In the survey we did, when we asked the survey group what was most important to them in this process, the word we got back
was "accuracy." Safety, as important as it was, was second. So the more we can do as an industry to honestly share accurate
information about the processes by which drugs are discovered, proved, and marketed, the better we are all going to be.
And we have to trust in the American public. Believe me, we can. I have been through it. It's not the end of the world when
you are faced with risk/benefit choices. People handle them every day. We need to ensure that we never end up with the European
model, where the government decides, "No, Billy. You're not going to get that drug, because we're not going to put it on the
formulary. No, you're seventy years old, and you've got prostate cancer. You're just too old." I hope that in America we never
get to the point where, when we have that profound moment of decision, the room is crowded with federal bureaucrats.
You were talking about the cost of drugs. Do you think we are looking at price controls in this country?
Hopefully not, if we do a good enough job of helping seniors enroll in Medicare coverage, if the industry does a good enough
job in helping the uninsured. There is something critically wrong when the uninsured pay the highest prices for medicine of
anyone in the country. We need to deal with that. We need to do something for those who, through no fault of their own, cannot
get insured. And we will be working with friends in Congress and the industry to find ways to address that.
If we do all that right, and we make access and affordability one of our main goals, and we begin to see progress, there is
no reason why Americans should have to turn to what I consider failed experiments in other countries: government price controls.
I come from a part of the country where they produce a lot of oil and gas. I lived through natural gas price controls. And
when you had government-controlled prices on an essential commodity, people stopped producing it for the interstate market.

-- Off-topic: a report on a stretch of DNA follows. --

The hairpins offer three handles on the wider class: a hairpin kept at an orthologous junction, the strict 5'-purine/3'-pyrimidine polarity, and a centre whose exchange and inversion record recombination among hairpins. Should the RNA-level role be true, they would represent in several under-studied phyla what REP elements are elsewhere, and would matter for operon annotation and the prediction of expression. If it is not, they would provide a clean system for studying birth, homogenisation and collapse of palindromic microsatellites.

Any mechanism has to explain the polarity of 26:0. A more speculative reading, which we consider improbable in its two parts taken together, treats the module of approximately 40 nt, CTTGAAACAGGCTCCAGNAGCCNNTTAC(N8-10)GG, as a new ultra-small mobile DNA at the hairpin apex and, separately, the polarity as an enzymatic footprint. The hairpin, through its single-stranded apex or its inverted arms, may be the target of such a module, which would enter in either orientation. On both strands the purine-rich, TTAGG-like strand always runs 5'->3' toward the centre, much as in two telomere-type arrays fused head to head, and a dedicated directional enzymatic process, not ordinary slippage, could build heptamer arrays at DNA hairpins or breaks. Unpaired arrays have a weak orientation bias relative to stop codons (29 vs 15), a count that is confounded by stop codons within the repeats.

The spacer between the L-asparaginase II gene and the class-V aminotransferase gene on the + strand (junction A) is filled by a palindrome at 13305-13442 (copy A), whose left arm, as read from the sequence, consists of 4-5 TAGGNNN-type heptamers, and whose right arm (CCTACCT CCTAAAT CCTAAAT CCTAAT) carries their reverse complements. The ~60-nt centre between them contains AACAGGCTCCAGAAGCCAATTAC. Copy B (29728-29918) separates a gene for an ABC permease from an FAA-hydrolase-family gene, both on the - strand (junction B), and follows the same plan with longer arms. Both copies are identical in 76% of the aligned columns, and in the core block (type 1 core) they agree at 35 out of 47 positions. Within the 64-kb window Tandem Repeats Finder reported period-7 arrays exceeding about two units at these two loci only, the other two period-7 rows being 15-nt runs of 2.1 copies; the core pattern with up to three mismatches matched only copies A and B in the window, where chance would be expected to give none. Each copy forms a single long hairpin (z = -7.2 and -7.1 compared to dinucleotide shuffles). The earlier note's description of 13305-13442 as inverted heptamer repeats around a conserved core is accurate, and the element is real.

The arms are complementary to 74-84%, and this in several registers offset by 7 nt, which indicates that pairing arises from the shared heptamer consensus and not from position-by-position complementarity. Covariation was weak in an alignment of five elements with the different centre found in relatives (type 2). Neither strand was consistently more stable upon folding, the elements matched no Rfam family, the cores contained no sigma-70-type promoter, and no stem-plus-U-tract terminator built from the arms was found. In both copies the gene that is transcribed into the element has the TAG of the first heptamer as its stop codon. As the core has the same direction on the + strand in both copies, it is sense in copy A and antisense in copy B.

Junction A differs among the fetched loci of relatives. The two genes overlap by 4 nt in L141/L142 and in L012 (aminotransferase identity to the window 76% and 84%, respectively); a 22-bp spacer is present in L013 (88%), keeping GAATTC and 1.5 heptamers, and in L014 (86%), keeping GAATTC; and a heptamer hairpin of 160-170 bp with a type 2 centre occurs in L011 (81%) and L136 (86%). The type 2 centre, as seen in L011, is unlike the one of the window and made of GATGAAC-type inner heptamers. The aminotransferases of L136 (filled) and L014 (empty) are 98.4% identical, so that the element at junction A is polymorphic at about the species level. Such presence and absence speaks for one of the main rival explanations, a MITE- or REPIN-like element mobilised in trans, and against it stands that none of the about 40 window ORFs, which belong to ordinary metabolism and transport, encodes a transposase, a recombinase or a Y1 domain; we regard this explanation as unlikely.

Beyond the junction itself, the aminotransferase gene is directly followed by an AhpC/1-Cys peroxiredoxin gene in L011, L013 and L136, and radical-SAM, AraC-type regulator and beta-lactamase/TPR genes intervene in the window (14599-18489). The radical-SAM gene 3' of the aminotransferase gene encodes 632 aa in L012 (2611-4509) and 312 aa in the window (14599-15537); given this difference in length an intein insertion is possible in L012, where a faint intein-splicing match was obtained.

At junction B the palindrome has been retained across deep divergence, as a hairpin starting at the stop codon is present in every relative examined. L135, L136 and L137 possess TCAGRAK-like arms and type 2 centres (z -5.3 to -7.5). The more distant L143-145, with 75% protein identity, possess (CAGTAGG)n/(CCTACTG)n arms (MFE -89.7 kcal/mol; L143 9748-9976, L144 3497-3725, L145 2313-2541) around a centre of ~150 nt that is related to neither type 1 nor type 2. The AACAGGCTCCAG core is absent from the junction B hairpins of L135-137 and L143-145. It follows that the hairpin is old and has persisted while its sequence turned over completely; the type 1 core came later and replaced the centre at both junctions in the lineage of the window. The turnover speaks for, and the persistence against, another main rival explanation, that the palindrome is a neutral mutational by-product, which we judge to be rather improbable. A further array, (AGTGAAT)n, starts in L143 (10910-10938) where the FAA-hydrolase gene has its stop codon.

We had a lot of gas in Louisiana for the uncontrolled intrastate market—high prices and a lot of gas. Meanwhile there were
shortages all over America. Plants were shut down, and there were concerns about people freezing to death in the dark, because
price controls had diminished the incentive to produce.
I think Americans understand the free market system. If you really want something, you had better not go to price controls,
because you end up getting less of it, not more.
You say that people understand the market system, and they understand that price controls fail. But I seem to recall a number
of our Congressmen voting to allow importation of drugs, which is basically importing another country's price controls. Maybe
you could tell us a little bit about the politics of importation.
As long as drugs are not accessible and affordable, people are going to look for other options. As long as insurance coverage
is not available to them and drugs are cheaper somewhere else, they are always going to be thinking, "How can I get a cheaper
drug?" It's human nature.
So there's pressure on members of the Congress to support a solution like that. It's simple, and they think it will answer
a political problem a lot easier than trying to go through the complex business of trying to help the uninsured and doing
all the things that you have to do if you want to make the system work. The easiest solution sometimes gets the most support.
That's the truth. And you put aside other concerns—for example, safety. We have literally, I think, ignored the safety concern.
We thought it was an excuse to stop the imposition of price controls.